A photovoltaic system of the present invention includes the photovoltaic device, 10, along with a load, 30, electrically connected to the photovoltaic device, which connects the first conductive layer and the second conductive layer, completing the electrical circuit. In operation, light, 26, illuminates the semiconductor layer and the optional colored light harvesting material, 16, producing electron-hole pairs. The electrons are swept toward the first conductive layer, by the electric field of the space charge layer present in the semiconductor layer, and are thereby separated from the holes. The electrons are then transported by the first conductive layer. The holes accept an electron from the redox mediator present in the electrolyte, and the redox mediator accepts an electron from the electrode. The circuit is completed by the electron traveling through the load and into the second conductive layer. As illustrated in FIG. 1A, an electron may be lost to the redox mediator present in the electrolyte before it has an opportunity to carry out useful work (represented by the letter “x” and the dotted arrow).
Preferably, the substrate and the first conductive layer are transparent, so that light may penetrate one side of the device and reach the semiconductor layer. Examples of substrates include glass, quartz and transparent polymeric materials, such as polycarbonate. Examples of transparent conductive layers include indium-tin oxide, fluorinated tin oxide, and aluminum-zinc oxide. The first conductive layer may also be formed as a composite material and/or formed as multiple layers. For example, a planar substrate of glass may be coated with a layer of fluorinated tin oxide, and fine particles of fluorinated tin oxide applied to the surface and sintered together to provide the substrate and first conductive layer. This is particularly useful to provide a high surface roughness factor for the first conductive layer.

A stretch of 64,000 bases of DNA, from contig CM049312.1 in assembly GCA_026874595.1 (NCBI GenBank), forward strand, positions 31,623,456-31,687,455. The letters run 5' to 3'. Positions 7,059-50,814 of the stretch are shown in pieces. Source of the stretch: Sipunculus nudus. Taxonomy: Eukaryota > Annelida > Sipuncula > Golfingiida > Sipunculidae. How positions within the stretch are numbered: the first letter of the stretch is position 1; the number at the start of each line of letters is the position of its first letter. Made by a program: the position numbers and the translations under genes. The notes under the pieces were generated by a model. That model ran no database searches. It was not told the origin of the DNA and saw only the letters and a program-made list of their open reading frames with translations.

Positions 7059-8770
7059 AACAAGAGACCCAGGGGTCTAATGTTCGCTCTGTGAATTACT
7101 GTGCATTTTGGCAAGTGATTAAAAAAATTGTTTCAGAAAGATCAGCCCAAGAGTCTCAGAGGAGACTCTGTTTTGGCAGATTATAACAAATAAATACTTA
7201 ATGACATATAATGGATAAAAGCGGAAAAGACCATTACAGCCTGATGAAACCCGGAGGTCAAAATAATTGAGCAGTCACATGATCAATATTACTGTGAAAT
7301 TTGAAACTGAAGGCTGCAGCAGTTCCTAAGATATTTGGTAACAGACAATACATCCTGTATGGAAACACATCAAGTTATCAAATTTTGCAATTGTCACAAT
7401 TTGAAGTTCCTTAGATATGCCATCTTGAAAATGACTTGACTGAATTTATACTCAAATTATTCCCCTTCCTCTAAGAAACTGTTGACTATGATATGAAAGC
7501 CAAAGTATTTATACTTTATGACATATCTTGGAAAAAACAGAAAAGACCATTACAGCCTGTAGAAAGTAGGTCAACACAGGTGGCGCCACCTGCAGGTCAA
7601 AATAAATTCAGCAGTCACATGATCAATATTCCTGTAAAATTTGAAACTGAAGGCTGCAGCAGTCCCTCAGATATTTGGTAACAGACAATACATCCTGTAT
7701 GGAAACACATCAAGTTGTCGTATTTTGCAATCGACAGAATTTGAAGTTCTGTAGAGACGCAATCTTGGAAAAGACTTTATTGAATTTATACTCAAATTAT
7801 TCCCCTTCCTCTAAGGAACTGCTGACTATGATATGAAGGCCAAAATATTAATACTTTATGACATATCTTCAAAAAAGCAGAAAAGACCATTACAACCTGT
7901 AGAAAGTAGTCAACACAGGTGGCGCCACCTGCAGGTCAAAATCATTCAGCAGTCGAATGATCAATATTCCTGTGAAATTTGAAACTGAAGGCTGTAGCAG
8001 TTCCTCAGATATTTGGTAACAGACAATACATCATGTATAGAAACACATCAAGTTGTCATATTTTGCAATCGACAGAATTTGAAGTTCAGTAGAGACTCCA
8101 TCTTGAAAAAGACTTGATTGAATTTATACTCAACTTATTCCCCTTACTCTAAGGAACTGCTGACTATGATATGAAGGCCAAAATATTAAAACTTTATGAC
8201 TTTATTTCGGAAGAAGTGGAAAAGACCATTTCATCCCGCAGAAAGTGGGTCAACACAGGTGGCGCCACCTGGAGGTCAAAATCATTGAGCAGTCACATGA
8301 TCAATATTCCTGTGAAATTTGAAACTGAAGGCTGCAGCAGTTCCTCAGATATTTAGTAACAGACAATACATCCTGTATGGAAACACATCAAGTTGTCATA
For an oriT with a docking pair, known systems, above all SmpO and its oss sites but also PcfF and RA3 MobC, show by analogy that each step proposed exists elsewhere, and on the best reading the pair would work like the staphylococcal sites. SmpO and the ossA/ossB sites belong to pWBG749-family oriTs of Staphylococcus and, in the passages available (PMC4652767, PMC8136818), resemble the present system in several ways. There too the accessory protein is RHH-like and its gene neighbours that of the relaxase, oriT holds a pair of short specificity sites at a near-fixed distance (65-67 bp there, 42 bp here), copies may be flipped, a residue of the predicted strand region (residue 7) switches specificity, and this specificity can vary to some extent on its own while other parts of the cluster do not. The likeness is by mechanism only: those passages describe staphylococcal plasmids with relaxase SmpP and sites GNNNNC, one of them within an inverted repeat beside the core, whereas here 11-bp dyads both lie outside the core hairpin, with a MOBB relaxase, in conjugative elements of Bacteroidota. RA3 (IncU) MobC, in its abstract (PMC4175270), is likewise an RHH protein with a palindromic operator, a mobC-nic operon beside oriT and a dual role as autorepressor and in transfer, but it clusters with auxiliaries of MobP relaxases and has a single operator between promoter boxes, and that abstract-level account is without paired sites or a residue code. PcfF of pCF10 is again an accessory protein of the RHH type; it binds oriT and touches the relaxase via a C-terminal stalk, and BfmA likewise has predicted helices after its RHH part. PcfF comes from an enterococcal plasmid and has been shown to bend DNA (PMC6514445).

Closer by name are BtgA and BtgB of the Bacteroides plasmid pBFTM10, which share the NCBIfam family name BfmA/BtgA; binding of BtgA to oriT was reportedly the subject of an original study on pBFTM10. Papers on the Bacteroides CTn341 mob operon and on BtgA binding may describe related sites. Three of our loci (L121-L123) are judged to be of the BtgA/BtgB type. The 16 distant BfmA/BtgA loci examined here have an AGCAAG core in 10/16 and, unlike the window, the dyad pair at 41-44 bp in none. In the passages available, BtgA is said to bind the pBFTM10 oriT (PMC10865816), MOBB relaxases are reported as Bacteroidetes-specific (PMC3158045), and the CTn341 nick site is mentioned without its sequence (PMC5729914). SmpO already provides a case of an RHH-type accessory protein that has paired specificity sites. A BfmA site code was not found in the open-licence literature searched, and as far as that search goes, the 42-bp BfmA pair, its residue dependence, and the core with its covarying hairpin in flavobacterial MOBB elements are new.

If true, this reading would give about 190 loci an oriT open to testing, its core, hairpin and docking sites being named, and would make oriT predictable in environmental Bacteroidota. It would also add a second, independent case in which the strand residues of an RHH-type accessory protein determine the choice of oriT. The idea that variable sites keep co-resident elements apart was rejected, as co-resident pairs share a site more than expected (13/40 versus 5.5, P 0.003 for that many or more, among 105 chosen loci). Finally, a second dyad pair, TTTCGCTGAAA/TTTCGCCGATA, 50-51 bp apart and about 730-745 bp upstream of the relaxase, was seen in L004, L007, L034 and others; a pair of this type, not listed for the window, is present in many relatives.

In an alternative configuration, such as that described in Patent Application Publication, Pub. No. US 2011/0220192, the first conductive layer, with the semiconductor layer and optional colored light harvesting material, are on the support, but spaced away from the electrode and second conducting layer, and not in direct electrical contact therewith. In operation of this alternative configuration, light does not need to travel through the first conductive layer, so a non-transparent conductive layer may be used, for example a metal such as gold or platinum, or a conductive oxide, such as electrically conductive titanium suboxides.